How to price my woodworking (and sell it) #2: How to price your woodworking to make a profit (and sell it)

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Blog entry by huff posted 05-31-2013 12:27 PM 42593 reads 11 times favorited 19 comments Add to Favorites Watch
« Part 1: How to price your woodworking to make a profit (and sell it) Part 2 of How to price my woodworking (and sell it) series Part 3: How to price my woodworking (Knowing what it cost to build a project) »

How to price my woodworking?
(And sell it) Part 2

Know your market!

So let’s start with why you’re pricing your woodworking the way you are now. If you’re a hobbyist and you don’t sell your work or you really don’t care how much you make when you do, then there is no reason to read further.

If you’re comfortable with how you price your work or you’re a professional and you already have a system for pricing in place and you like how things are going, then there is no reason to read further.

But if you fall some where in between on that scale I talked about in the first series, then let’s get started to see if I can help you with pricing.

It really doesn’t matter what your background experience is or what you do for a career or how much experience you have in sales. You need to have a starting point and that should be to know what you’re building and what it is you actually plan on selling. So what do I mean by that?

Here’s a question I hear a lot from woodworkers ask; I love woodworking and I want to sell some of my work. What sells?

That’s such a loaded question and there’s no golden answer, no one liner that’s going to help you on that one! What one woodworker may be able to build and sell, another woodworker wouldn’t stand a snowball’s chance in hell of selling! Sorry to be so blunt, but now that I’ve got your attention, let’s clarify that a little.

Just because I can design and sell $5,000 home entertainment centers, doesn’t mean every woodworker out there would or should or could, and just because another woodworker can design and sell $50,000 kitchen cabinets and make a living at it doesn’t mean every woodworker could or should or would and again, if a woodworker can design and sell birdhouses and make a profit at it, doesn’t mean I could or should or would.

You have to “start” with what you have the capabilities to build, what tools and your shop will allow you to build, what you would “like” to build and what you think you would be able to sell once you built it.

The only other thing I want to say about your woodworking before we move on to actually pricing and selling your work is; you better build a quality product! Just because you built it, or you hand crafted it, doesn’t automatically mean that it’s better then anything out there in the stores already for sale. Be honest with yourself, if you’re offering nothing more than some ho-hum product and expecting to be able to sell it for a great profit, then you’re starting out behind the 8 ball from the get-go.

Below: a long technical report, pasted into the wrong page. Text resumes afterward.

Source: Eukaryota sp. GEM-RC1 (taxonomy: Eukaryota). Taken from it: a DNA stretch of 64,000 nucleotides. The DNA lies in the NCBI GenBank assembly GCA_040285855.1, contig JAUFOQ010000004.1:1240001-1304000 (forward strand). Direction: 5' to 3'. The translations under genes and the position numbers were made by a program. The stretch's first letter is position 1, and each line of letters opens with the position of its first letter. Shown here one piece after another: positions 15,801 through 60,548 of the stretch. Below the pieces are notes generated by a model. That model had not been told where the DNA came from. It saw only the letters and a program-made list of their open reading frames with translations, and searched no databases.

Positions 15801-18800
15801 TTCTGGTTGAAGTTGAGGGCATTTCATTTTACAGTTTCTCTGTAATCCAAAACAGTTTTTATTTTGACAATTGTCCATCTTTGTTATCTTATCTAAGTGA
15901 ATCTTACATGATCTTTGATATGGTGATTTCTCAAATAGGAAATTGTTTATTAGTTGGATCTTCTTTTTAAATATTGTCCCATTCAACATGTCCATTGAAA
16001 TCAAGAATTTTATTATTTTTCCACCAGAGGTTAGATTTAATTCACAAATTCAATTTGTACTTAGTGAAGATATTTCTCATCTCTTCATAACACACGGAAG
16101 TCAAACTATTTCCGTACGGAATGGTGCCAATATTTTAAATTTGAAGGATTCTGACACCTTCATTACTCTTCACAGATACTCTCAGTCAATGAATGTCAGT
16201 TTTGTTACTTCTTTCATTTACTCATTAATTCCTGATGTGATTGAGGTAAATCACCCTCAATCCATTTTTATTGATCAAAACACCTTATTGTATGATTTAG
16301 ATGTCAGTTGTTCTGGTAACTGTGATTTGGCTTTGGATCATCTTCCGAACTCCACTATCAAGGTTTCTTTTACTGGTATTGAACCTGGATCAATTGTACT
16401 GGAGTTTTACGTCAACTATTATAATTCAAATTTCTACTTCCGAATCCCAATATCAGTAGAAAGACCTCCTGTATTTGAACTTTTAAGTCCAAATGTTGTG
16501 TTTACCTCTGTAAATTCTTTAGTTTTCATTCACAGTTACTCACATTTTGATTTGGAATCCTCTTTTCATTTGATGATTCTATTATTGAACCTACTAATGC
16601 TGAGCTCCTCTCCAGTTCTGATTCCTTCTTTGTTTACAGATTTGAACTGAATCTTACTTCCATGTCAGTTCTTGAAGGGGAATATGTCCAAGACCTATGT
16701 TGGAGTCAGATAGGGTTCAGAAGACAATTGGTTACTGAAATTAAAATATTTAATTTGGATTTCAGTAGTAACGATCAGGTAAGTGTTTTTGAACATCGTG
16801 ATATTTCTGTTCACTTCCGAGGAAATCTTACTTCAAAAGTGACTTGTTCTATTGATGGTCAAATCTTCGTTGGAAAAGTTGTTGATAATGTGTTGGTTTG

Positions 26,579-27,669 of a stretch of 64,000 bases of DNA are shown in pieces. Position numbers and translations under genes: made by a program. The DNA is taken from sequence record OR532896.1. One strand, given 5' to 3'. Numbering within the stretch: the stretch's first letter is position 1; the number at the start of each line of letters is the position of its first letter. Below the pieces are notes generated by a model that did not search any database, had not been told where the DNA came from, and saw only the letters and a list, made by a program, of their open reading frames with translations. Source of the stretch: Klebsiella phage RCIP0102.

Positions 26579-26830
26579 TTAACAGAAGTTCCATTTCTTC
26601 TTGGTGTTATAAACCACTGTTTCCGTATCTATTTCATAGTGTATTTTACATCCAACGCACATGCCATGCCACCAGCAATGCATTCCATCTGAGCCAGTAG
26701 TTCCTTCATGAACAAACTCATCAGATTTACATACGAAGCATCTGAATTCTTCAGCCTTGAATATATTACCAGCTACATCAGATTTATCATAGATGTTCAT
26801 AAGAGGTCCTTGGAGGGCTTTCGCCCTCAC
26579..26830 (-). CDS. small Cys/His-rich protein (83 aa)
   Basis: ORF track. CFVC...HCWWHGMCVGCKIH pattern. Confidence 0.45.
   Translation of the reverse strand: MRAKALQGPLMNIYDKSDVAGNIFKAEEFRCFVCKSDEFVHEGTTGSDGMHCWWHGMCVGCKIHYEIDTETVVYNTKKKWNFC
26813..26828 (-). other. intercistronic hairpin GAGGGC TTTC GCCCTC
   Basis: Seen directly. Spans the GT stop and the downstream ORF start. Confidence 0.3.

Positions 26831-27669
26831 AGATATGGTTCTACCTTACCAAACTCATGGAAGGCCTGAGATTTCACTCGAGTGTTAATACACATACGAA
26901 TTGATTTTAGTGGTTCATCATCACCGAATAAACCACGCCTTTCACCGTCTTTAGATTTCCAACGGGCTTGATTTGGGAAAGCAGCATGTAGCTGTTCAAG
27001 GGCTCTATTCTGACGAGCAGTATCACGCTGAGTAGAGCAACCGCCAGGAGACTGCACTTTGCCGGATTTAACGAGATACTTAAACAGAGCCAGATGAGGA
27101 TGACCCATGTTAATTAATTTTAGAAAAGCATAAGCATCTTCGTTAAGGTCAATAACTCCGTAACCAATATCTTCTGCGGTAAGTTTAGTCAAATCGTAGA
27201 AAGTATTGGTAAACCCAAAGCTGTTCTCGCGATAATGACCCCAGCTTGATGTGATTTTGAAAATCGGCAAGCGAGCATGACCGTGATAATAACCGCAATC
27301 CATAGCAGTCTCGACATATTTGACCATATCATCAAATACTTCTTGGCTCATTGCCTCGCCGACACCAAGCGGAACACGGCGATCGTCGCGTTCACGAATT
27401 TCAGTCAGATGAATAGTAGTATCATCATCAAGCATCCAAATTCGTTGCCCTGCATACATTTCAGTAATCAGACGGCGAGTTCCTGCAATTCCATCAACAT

Once you decide what you would like to build and sell, then you have to find a market for it. Here’s where so many woodworkers make a fatal mistake when they start the process of pricing their work.

Let’s see if I can put this in perspective; say you build a beautiful jewelry box. It’s made with some expensive exotic wood with elegant design features and flawless finish. You have hours and hours invested in making this box and you take it to your local flea market or country craft fair to sell it. Nobody there is looking for a $400 jewelry box, so you automatically figure you must have it priced too high.
That’s known as knowing your market; or in this particular case; it‘s not knowing your market. So instead of finding a market you could sell your jewelry box at, you start thinking about how low of a price you need so you can sell it. You forget about how much it cost or how many hours invested in building it, but focus more on “what the market will bear” and you start pricing your work based on that.

It should not have as much to do with “what the market will bear”, as it has to do with finding the right market for what you build and want to sell.

And it doesn’t matter what you build, whether its bird houses or kitchen cabinets, if you don’t find the right market you will end up letting the wrong factors determine how you price your work.

That’s why we get hung up with customers buying at Wal-Mart, Ikea, Harbor Freight, Lowe’s and the like. We somehow think that “everyone” shops at these places and we have to price our work accordingly or we will never be able to sell our products.

If that’s the customer base you want to sell to, then yes, you will have to figure out how to price your woodworking to compete with their prices………And good luck with that!

Two very important things to remember when it comes to worrying about whether you should or could compete with stores like that.

First; they have the luxury of choice in deciding who they buy their products from and how much they are willing to pay for that product so they can retail it to the average customer. Even if they buy cheap crap from overseas, they are looking for one thing and that’s “price point”! They’re looking for the masses to purchase their products, so price will have to be low………….real low. Quality, Service or even where it’s built or by whom it’s built doesn’t have much to do with it.

Second; if you had the luxury of selling thousands upon thousands of a single item, you could probably find a way to build it and sell it at a lower price. If you had the thousands of outlets to show and sell your products, you could probably sell a lot more at a lower price.